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© 2022 Todd Lebowitz, posted on WhoIsMyEmployee.com, Exploring Issues of Independent Contractor Misclassification and Joint Employment. All rights reserved.

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Are Independent Contractors Entitled to Military Leave? Eggcellent question!

Worker protection laws are a bit different in China.

According to this report, a Chinese company forces its employees to eat raw eggs as punishment if their work does not meet expectations. When one intern complained, the HR Manager allegedly responded, “What law is preventing you from eating a raw egg?”

Even if the company’s motivational techniques could be challenged under Chinese labor law, Chinese legal experts caution that the intern is probably not the right person to complain. His unpaid internship apparently doesn’t make him an employee under Chinese law. And there it is: The age old question of Who Is My Employee? is a thing in China too.

Back in the U.S., we know that the employee vs. independent contractor question makes all the difference in whether several types of employment, tax, and benefits laws apply. But what about military leave law?

Under the Uniformed Services Employment and Reemployment Rights Act (USERRA), employees are guaranteed reinstatement and other job protection rights after taking military leave. And employers must grant military leave when requested.

Do the same protections apply to independent contractors?

According to federal regulations, the answer is no — so long as the contractor is properly classified as a contractor.

Under USERRA, independent contractor status is evaluated using a Right to Control Test. The regulations say these six factors should be considered:

1.       The extent of the employer’s right to control the manner in which the individual’s work is to be performed;

2.       The opportunity for profit or loss that depends upon the individual’s managerial skill;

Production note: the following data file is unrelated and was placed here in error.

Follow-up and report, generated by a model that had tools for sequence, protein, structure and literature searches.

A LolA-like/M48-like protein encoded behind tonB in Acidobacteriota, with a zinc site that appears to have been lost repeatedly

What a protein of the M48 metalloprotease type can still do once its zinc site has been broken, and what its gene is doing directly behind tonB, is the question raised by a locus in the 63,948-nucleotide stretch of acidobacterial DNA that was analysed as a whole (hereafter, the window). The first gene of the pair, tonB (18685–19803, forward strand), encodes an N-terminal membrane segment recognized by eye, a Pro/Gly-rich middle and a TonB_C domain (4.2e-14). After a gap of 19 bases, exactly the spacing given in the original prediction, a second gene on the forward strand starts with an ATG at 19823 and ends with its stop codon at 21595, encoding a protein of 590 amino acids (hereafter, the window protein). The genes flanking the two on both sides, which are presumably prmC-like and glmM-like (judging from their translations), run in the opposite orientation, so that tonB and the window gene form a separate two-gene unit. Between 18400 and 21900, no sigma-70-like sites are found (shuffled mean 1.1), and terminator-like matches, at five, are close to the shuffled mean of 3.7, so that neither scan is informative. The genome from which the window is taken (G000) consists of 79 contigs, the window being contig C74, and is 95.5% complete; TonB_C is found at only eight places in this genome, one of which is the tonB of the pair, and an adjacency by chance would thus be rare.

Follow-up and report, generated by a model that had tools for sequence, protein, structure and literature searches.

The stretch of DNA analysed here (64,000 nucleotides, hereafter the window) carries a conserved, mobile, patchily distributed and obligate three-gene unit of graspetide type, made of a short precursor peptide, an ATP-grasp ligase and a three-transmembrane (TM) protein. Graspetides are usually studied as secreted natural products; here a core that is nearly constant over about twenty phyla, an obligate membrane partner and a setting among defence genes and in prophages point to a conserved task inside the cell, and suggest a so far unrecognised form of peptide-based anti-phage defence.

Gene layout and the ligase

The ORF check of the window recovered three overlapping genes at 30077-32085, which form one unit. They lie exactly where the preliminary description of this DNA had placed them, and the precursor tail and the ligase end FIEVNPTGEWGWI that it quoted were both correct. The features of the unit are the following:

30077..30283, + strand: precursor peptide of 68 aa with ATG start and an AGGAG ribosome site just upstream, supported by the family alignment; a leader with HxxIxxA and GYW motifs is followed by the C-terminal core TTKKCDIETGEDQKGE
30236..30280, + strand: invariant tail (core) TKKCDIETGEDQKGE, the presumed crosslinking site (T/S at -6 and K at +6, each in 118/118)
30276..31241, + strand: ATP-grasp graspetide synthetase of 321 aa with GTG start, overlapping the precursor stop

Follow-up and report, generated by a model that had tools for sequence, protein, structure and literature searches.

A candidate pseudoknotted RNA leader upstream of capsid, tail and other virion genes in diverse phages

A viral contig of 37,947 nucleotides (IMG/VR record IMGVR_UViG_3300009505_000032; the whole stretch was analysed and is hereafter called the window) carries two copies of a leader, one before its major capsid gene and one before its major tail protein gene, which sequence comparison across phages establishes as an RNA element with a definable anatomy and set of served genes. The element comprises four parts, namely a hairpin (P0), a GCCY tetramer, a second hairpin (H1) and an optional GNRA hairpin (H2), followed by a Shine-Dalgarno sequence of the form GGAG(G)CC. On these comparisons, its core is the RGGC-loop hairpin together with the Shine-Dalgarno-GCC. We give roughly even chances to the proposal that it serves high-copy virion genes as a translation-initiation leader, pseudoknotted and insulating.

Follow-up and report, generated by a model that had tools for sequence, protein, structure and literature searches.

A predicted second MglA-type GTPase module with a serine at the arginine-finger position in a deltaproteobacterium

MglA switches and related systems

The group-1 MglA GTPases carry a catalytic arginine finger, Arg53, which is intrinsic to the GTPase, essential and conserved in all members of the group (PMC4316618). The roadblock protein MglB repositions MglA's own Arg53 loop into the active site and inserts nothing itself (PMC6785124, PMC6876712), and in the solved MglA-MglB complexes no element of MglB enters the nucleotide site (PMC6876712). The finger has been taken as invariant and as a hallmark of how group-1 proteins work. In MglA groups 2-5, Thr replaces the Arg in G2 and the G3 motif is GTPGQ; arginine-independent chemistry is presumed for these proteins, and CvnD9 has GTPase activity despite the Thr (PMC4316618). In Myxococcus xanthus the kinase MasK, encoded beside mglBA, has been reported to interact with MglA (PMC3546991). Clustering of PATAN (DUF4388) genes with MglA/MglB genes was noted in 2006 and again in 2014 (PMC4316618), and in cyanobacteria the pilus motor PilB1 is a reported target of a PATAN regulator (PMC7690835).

3.       Any investment in equipment or materials required for the individual’s tasks, or his or her employment of helpers;

4.       Whether the service the individual performs requires a special skill;

5.       The permanence of the individual’s working relationship; and,

6.       Whether the service the individual performs is an integral part of the employer’s business.

No single factor is controlling, but all are relevant for determining whether an individual is an employee or an independent contractor.

As with so many other laws, it’s not enough just to assume USERRA doesn’t apply because a worker is classified as an independent contractor. The workers has to be properly classified as an independent contractor, according to the test that applies to that particular law.

Getting it wrong means failure to comply with military leave law. That sounds unpatriotic and unfair. And it could leave you with egg on your face.

[Note to self for future blog post idea: Can you require independent contractors to eat raw eggs in the U.S.?]

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© 2022 Todd Lebowitz, posted on WhoIsMyEmployee.com, Exploring Issues of Independent Contractor Misclassification and Joint Employment. All rights reserved.

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How to Support Prong C of the ABC Test, and Why You Can’t Lie Down When Faced with an Audit

Zippy practices for the 13th Annual Lying Down Championships

Lying down in the face of a challenge is rarely a good strategy. I did, however, find one exception.

A man from Montenegro recently won the 12th Annual Lying Down Championships, beating out nine other competitors by remaining horizontal under a tree for 60 hours. As a reward for his (lack of) effort, he received 350 euros, lunch for two at a restaurant, a weekend stay at a local village, and a rafting trip.

Then things got weird. Local media reported that shortly after the competition, the winner was taken into police custody for (allegedly) physically attacking journalists and damaging the headquarters of a newspaper that called him “the biggest swindler in all of Montenegro.”

I suppose there’s a lesson in here somewhere: Offer a man an award and he’ll lie still for 60 hours, but call him a swindler and he won’t take that lying down.

But I digress. In this post, I want to share some tips gleaned from a recent New Jersey Supreme Court case involving prong C of the ABC Test. The case also serves as a reminder never to take a misclassification audit lying down.